Open educational resources not only save students from triple-digit (or more!) textbook costs, but they also allow instructors to mix-and-match content for a more personalized, engaging learning experience. Here are 16 resources that offer a wide range of content and tools to help implement OER in just about any course.
There's no question that Dennis O'Connor has found much success on Scoop.it. It wasn't all coincidental, though. Dennis shared with us two of his best curation secrets and tricks:
1. Develop multiple sources for your topics It's important to carefully think through the keywords that you set for your topic so that Scoop.it can crawl the web and provide you with interesting and relevant content and inspiration. In addition to taking full advantage of this, Dennis also uses other tools like Twitter, StumbleUpon, and Prismatic to find content to share on Scoop.it. Once he finds the content he wants to share with his audience, he uses Scoop.it as his social media hub to add value to that content and share it everywhere.
2. Tag your posts Dennis takes a lot of time to tag each of his posts. This allows him, he explained, to assemble publications based upon his tagged topics. When he's using his information on Scoop.it for his E-learning classes, it's easy for him to filter his Scoop.it pages based upon different subjects and easily compile a list of posts and articles on appropriate topics to provide to his students. Something interesting that Dennis does with his tagged articles is to pull them by subject and create "special editions" of his topics on his blog for special classes and events that he is teaching.
The art of comic creation is one of the best representation of creativity at work. As teachers and educators, we can use the power and versatility of iPad to cultivate a creative culture within our classes and among our students through helping them tinker with and design comics. Here is a list of some great iPad apps you can use for this purpose...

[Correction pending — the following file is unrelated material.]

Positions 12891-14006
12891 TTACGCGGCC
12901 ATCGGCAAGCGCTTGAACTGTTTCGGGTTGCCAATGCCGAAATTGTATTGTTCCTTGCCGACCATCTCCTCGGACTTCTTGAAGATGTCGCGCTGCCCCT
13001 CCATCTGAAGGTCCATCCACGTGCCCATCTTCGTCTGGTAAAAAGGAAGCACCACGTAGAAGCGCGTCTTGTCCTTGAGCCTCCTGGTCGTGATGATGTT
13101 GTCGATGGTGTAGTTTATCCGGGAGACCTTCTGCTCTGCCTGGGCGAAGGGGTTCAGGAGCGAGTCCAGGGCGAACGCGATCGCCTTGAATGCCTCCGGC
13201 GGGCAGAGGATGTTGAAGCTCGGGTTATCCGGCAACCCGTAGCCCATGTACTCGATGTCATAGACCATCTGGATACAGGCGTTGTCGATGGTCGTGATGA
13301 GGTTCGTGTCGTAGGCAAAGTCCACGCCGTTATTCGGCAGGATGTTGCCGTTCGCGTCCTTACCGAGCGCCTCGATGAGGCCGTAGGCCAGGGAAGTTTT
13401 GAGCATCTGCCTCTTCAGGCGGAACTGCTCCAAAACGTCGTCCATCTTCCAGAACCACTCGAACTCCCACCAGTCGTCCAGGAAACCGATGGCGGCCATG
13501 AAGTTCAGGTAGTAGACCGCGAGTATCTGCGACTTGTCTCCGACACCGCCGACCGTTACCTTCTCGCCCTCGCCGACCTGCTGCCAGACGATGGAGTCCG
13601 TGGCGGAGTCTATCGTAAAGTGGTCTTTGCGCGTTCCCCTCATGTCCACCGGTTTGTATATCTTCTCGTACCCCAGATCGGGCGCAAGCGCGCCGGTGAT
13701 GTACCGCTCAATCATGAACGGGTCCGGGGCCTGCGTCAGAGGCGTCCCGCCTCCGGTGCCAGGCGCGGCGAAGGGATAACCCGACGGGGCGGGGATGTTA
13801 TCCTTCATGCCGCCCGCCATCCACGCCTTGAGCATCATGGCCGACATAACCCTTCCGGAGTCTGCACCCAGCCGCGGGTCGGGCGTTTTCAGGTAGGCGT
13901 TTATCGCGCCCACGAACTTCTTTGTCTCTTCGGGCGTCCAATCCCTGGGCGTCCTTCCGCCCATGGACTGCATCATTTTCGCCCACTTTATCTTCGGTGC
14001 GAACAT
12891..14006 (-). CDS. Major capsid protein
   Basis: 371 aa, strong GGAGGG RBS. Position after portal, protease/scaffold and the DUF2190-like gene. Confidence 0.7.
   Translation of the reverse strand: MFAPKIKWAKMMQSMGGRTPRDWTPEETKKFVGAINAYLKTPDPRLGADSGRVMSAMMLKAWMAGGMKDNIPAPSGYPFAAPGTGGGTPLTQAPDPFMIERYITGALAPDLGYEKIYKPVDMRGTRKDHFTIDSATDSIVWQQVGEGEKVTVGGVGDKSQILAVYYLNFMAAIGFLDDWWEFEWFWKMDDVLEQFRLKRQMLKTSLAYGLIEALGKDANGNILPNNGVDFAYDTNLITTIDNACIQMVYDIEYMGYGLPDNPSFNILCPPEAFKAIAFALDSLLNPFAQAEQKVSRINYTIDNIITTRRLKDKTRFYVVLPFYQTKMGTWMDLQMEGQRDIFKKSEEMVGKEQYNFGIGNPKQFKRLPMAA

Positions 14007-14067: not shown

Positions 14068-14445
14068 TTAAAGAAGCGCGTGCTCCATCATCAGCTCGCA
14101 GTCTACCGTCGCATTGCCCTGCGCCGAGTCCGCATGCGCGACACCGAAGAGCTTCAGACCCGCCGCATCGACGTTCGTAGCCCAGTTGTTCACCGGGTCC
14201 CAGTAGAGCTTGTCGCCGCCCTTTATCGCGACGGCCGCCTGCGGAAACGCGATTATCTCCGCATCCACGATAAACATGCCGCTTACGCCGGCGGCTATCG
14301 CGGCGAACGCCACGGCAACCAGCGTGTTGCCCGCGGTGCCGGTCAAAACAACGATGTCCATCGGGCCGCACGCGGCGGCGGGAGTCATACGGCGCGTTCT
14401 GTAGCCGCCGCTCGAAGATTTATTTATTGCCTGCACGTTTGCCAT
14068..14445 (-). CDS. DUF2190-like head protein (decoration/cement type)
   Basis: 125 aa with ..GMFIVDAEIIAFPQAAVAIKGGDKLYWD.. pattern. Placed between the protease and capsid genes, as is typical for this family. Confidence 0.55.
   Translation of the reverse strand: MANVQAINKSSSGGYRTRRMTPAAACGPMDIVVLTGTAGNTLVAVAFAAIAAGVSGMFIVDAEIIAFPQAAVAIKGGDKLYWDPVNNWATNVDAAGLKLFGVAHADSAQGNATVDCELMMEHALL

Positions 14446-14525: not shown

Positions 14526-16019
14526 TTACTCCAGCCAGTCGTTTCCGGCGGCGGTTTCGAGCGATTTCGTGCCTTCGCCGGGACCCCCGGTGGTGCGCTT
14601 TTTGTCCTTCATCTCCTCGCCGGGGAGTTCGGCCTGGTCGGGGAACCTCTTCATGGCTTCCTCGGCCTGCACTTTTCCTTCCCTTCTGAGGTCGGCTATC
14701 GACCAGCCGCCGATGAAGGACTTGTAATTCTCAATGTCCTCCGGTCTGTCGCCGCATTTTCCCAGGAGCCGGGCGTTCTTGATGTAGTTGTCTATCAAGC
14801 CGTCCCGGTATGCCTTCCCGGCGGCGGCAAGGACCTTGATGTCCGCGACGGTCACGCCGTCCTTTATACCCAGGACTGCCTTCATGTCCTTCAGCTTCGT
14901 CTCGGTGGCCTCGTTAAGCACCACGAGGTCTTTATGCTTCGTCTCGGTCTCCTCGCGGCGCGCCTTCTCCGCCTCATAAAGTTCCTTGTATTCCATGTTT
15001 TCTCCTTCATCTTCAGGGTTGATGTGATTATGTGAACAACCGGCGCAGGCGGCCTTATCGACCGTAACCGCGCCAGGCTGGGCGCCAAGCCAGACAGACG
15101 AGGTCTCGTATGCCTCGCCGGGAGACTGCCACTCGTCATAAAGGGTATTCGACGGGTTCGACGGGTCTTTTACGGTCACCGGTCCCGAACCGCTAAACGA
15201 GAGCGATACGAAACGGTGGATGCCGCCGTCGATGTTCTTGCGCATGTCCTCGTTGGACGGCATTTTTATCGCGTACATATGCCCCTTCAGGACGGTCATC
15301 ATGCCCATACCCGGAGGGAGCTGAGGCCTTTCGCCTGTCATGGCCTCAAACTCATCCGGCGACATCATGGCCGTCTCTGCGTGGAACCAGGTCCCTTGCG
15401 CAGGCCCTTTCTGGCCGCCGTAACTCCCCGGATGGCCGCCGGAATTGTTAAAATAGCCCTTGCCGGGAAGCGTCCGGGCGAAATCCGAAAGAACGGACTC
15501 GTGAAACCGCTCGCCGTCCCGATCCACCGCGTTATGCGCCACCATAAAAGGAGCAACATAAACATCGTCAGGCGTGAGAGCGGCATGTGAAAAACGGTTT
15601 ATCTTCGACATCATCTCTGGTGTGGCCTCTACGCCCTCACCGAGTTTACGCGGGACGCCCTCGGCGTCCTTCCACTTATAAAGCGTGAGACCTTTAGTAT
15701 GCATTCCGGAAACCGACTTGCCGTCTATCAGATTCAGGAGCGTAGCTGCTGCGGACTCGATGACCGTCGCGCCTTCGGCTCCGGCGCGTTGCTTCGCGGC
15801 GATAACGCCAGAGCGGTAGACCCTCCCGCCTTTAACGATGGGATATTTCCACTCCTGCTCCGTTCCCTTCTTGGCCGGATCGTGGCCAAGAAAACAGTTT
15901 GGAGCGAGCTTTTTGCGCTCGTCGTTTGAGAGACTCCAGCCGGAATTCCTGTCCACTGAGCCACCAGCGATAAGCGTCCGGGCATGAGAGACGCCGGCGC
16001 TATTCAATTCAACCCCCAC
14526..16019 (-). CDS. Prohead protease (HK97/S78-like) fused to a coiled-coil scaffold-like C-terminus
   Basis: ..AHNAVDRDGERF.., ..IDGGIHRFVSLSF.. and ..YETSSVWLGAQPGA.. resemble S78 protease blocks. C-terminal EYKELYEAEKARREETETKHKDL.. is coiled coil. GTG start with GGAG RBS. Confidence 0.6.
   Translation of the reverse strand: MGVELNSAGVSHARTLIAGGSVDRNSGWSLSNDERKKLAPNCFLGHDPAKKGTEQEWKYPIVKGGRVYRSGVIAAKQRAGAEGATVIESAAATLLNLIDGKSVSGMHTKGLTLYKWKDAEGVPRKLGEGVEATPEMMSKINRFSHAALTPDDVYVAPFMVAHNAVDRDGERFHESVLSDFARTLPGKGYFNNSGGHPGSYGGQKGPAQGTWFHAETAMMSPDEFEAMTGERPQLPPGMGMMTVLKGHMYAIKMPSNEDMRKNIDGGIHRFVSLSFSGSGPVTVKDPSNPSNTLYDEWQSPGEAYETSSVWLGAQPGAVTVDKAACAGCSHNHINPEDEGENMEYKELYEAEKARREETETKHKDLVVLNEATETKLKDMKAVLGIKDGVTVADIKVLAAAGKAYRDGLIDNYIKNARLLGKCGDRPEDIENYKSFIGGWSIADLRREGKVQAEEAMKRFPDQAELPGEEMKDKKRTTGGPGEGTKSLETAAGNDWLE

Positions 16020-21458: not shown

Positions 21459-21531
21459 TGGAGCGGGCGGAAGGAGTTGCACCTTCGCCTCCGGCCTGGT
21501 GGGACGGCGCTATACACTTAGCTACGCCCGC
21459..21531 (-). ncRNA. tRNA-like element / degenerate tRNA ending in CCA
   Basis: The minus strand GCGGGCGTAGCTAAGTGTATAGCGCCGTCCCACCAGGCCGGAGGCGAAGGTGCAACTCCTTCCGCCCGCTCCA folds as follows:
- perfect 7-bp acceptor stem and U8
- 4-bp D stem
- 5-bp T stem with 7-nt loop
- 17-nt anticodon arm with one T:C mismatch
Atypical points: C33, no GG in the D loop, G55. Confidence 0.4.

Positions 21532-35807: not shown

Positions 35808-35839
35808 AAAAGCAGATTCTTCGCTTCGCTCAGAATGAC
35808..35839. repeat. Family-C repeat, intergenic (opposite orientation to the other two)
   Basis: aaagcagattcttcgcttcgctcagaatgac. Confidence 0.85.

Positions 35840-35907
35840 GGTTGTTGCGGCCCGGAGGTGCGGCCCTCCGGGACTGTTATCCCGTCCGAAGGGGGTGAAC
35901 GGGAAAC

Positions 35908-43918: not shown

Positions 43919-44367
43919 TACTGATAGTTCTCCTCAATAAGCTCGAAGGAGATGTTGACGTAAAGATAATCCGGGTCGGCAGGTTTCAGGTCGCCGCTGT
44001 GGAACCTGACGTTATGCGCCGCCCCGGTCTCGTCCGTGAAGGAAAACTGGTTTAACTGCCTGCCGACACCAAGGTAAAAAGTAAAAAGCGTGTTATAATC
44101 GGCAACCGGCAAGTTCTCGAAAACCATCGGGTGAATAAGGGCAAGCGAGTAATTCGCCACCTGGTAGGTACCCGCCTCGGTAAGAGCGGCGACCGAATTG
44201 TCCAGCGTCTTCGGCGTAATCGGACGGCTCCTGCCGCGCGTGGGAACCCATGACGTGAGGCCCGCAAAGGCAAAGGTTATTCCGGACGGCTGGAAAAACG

The first part of the article is a story from the business world, but after that the information is very relevant for education and also for PR in education. I will read this again to think about when I have to do a presentation for my library.
Eric Randal posted: "Wikipedia is an experiment in crowdsourcing as much human knowledge as possible, and the logical outcome of that process is that the wisdom of the crowd often rules—as insensible as the crowd can be."
There are so many ways that teachers are using social media – both in the classroom and for their own professional development. From Instagram and Facebook in the classroom to Twitter lists and hashtags for their PLN, there are so many social networks and so much content to choose from when you’re looking.
"I've written about developing a personal learning network many times on The Innovative Educator. This updated infographic was created as a tool to promote an interactive conversation about developing PLNs. Each dot has an action and a question to answer.
Click the dots and let me know what you think? Is this something you might use? Is there anything you might change or revise?"
Great tool for thinking about how to get connected in the educational digital world. I need to do more of the above -- and this helps breaks down some steps and goals for moving forward and developing a personal learning network.